Marshall coach Doc Holliday (background) can only watch helplessly as WVU's Tavon Austin sprints past MU's Okechukwu Okoroha for a 70-yard gain.
1994 WVU graduate Bill Stefanko of Hamilton, N.J., helps celebrate a fourth-quarter Mountaineer touchdown against Marshall's Thundering Herd.
West Virginia State Police troopers form up in the end zone during a first-quarter timeout as two comrades killed in the line of duty last week were honored at Mountaineer Field. A memorial service is scheduled for 2 p.m. today in the Charleston Civic Center.
MORGANTOWN - Geno Smith was talking one day this summer about expectations and how difficult they might be to fulfill for West Virginia's football team.
After all, he said, that 70-33 win over Clemson in January's Orange Bowl was in a lot of ways a fluke. Teams just don't routinely throw up points on a scoreboard like that.
"The only negative,'' he said, "was now they'll expect us to score 70 every game.''
On Saturday, the Mountaineers proved that's not always possible. But on this day it was only because Tyler Bitancurt isn't always perfect.
West Virginia's offense picked up right where it left off in Miami, the defense did pretty much exactly what was expected of it - giving up a ton of yards but making up for it by forcing turnovers - and the Mountaineers put an emphatic exclamation point on the end of their series with Marshall with a 69-34 rout of the Herd.
Yes, West Virginia's 12th win in 12 games against MU - played in front of a crowd of 59,120 at Mountaineer Field - was just as easy as the score indicates. That's because the offense lived up to virtually all of those ridiculous expectations.
"I don't want to say anything too early, but I think we did a great job today,'' said Smith, the senior quarterback and Heisman Trophy candidate who did nothing to diminish his preseason hype, throwing for four touchdowns and running for another. "I think I was able to mix it up a little, spread it around and guys were making plays.
"But, like I said, it's only Game 1 and we can improve so much from here.''
Well, yes, there are certainly areas in which the Mountaineers can improve. In fact, coach Dana Holgorsen referred to them generally first in his postgame remarks.
"I don't know how it looked from where y'all were sitting,'' Holgorsen said, sounding more West Virginia than he probably ever has, "but there's a whole bunch of things we have to work on.''
But without getting overly picky - which Holgorsen certainly will - offense isn't one of those things.
The Mountaineers piled up 655 total yards, split them almost evenly between rushing (331) and passing (324), didn't turn the ball over and scored on nine of the 10 possessions played by the starters.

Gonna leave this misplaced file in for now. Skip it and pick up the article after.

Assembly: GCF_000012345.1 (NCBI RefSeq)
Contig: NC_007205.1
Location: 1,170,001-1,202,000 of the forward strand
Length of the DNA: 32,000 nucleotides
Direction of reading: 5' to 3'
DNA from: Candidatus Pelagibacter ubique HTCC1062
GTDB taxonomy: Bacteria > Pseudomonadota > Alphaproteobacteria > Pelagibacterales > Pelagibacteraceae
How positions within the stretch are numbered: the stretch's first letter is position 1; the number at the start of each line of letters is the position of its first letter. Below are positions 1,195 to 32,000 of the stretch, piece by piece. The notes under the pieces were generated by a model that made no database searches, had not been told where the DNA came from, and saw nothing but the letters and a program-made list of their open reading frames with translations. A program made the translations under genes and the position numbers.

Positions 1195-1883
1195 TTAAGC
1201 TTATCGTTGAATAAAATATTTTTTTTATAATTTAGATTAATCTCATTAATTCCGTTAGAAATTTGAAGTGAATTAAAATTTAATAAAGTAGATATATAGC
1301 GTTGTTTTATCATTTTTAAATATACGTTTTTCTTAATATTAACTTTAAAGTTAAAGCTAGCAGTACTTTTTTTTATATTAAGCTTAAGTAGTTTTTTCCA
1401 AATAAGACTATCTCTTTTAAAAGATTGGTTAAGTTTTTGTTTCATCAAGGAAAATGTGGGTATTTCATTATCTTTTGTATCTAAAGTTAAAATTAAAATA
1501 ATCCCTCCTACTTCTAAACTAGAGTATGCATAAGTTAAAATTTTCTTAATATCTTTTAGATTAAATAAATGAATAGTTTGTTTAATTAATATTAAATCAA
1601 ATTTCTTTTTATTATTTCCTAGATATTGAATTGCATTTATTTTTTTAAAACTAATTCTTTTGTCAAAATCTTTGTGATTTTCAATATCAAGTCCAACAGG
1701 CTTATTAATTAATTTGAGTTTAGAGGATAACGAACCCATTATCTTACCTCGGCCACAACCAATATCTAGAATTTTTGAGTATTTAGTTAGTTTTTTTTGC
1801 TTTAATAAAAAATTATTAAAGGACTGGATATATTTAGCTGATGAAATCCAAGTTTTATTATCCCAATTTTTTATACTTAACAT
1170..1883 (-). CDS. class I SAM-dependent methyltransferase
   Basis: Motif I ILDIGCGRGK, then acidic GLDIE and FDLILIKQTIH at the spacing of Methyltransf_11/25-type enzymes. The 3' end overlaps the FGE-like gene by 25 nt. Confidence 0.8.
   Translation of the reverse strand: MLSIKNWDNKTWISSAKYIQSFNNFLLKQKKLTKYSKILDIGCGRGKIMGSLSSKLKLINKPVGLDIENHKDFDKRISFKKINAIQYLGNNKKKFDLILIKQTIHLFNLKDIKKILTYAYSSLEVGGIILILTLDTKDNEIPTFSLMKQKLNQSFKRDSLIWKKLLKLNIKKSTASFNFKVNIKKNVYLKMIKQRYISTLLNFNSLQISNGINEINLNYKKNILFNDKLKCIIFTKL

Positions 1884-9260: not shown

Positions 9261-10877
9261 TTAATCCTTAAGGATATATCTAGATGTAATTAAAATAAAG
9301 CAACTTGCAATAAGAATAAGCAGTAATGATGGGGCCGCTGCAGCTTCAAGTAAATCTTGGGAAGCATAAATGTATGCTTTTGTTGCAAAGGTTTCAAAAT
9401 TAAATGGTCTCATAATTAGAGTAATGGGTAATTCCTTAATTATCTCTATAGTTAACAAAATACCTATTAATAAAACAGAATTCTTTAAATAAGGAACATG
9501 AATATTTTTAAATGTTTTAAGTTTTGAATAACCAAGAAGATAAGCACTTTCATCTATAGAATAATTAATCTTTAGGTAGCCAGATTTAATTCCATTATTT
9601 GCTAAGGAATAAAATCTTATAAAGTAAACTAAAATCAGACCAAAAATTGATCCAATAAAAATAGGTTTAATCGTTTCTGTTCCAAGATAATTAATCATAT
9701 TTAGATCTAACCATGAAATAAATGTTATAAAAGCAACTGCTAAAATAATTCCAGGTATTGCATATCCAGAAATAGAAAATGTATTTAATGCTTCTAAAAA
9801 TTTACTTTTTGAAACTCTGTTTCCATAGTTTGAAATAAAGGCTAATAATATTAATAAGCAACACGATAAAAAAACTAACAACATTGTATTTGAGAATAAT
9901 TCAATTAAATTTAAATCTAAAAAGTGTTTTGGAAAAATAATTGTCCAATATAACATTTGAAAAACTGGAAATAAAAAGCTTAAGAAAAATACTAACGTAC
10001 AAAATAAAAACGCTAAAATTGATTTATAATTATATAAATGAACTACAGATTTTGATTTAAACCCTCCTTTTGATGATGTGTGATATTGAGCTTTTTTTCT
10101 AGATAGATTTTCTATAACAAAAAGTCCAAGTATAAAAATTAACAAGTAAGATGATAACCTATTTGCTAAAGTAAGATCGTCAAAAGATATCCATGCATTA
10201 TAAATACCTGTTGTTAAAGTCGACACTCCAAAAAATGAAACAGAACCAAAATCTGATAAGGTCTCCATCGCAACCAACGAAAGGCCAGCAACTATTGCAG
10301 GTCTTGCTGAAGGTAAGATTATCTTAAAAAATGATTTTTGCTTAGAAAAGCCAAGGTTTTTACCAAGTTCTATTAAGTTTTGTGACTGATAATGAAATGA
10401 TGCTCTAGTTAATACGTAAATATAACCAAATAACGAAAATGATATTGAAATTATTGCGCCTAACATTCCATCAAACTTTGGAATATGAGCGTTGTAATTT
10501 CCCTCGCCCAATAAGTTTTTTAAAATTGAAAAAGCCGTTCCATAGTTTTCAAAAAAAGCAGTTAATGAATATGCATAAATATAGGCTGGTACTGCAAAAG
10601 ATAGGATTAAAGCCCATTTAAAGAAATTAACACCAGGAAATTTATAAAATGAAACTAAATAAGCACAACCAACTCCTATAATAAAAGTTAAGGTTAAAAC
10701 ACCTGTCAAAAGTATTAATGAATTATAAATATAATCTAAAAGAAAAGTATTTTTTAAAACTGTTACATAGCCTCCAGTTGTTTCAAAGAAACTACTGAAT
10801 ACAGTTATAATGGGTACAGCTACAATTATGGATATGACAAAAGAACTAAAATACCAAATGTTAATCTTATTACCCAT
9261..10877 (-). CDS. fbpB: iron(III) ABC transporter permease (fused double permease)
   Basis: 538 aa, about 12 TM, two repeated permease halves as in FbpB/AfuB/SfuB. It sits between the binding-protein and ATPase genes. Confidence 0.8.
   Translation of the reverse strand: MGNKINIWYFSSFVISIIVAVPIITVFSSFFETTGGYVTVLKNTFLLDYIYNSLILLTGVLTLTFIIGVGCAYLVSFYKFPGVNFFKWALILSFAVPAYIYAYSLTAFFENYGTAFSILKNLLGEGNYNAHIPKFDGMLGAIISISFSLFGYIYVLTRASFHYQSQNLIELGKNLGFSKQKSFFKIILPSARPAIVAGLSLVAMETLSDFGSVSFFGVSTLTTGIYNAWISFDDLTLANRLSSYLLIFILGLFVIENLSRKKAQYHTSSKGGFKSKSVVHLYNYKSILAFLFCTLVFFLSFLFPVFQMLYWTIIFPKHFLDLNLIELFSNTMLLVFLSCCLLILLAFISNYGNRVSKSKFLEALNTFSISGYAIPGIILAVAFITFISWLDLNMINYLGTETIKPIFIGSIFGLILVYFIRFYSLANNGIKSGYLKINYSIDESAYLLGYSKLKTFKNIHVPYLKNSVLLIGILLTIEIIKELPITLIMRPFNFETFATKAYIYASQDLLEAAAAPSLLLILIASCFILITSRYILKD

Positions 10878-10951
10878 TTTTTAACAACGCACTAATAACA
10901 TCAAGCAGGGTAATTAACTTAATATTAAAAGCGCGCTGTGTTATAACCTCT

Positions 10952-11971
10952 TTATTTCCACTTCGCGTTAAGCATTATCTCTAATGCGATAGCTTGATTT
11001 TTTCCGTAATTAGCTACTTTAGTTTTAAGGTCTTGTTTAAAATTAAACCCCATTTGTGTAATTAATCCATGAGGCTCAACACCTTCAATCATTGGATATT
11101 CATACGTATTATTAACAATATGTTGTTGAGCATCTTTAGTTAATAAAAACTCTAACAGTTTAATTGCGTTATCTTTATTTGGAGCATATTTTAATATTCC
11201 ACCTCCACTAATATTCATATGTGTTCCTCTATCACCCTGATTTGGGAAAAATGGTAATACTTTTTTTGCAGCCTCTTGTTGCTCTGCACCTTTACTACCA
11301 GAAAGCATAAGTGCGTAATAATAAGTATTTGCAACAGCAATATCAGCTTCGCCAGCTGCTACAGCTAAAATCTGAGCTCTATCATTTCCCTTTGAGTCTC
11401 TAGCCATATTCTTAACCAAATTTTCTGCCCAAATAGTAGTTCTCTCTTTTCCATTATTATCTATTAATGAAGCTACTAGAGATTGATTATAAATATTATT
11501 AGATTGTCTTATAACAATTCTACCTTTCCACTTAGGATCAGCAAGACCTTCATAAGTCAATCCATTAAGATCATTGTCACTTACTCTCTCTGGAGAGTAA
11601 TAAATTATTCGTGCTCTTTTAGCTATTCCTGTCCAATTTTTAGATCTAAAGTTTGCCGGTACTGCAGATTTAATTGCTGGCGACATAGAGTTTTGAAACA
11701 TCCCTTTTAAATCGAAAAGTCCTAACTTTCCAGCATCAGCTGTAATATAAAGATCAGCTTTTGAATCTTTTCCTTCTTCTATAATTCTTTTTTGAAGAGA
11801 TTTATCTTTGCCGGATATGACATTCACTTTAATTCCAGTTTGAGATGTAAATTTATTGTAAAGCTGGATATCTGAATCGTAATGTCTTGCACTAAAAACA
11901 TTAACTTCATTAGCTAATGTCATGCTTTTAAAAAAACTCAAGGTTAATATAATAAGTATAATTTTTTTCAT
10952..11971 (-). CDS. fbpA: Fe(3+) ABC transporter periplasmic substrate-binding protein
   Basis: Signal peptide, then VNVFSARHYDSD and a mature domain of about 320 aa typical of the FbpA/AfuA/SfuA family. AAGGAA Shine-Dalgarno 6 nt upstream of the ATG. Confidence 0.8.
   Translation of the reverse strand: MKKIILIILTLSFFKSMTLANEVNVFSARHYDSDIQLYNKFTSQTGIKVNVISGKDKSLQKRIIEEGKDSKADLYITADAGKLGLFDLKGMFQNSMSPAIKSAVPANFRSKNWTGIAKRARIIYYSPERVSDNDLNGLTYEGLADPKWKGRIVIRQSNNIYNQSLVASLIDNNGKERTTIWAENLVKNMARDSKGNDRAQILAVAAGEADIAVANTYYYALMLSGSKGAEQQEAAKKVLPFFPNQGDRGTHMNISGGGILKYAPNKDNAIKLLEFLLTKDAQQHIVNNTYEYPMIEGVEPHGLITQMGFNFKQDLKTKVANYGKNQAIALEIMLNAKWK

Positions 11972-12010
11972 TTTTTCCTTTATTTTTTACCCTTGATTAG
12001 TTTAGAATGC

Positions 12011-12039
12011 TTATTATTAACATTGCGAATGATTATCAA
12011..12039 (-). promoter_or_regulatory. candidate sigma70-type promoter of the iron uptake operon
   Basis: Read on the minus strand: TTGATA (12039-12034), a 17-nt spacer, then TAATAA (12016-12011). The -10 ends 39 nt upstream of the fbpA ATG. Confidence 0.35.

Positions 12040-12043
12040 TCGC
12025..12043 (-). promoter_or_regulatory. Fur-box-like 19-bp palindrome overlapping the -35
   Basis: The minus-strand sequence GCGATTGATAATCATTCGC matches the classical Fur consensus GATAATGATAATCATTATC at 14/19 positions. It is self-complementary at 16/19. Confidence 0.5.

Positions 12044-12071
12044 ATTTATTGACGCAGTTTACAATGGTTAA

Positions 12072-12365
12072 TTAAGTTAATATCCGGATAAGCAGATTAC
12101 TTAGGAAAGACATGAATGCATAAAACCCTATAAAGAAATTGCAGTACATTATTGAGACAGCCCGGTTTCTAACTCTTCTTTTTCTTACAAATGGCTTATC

Smith was as close to perfect as might be possible. He completed 32 of 36 passes for 323 yards, four touchdowns and no interceptions. He also ran the ball eight times for 65 yards and accounted for his fifth touchdown when he ran 28 yards on a broken play.
In his last two games, Smith is 64 of 79 for 730 yards, 10 touchdowns and no interceptions. He also ended his career against Marshall 105 of 137 for 1,035 yards, eight touchdowns and no picks.
Even Holgorsen admitted he's never seen anything quite like what Smith did Saturday, not just passing, but from a quarterbacking standpoint.
"He managed the game as well as anybody I've ever been around,'' said Holgorsen, whose past quarterbacks include Graham Harrell, Case Keenum and Brandon Weeden.
This was far from a one-man show, though. Tavon Austin caught 10 passes and was pretty much bottled on those, gaining just 53 yards - the little tip passes he scored on four times against Clemson went nowhere - but he ran an end-around 70 yards and then stayed in the game and caught two straight passes to score, accounting for all 83 yards in a three-play drive. He finished with 173 all-purpose yards.
Stedman Bailey also picked right up where he left off last season, catching nine passes for 104 yards, his eighth 100-yard game, one shy of David Saunders' school record. His first touchdown pretty much set the tone when he leaped and caught a 32-yarder from Smith in the end zone.
And then there was the running game, which figured to be better but nothing like this. Shawne Alston was relentless in running through tacklers and gained 123 yards. Andrew Buie not only added 80 more rushing yards, but also caught four passes. And Smith had eight carries for those 65 yards, more carries than he had in any game last year and more yards than he's ever had.
"That's about as balanced as you can possibly be,'' Holgorsen said. "And it starts with the guys up front. They played as well as they have since I've been here.''
But as good as the offense was, there were areas of concern elsewhere. Marshall ran a staggering 101 plays and gained 545 yards. The Herd controlled the ball for 33 minutes and completed 38 passes (in 56 attempts).
But in truth, that can be overcome by an offense that scores even more and a defense that creates turnovers. The Mountaineers on Saturday not only forced two turnovers, they pretty much scored with both. Terence Garvin sacked Marshall quarterback Rakeem Cato and forced a fumble that Isaiah Bruce - who also had 16 tackles - returned 43 yards for a touchdown. Later, linebacker Doug Rigg intercepted a pass and ran it back to the MU 3 to set up an easy score.
"They played hard. They gave up some plays, but they also got two turnovers,'' Holgorsen said of his defense. "As far as how many yards we gave up, I'm not going to worry about that.''
Reach Dave Hickman at 304-348-1734 or email@example.com
or follow him at Twitter.com/dphickman1.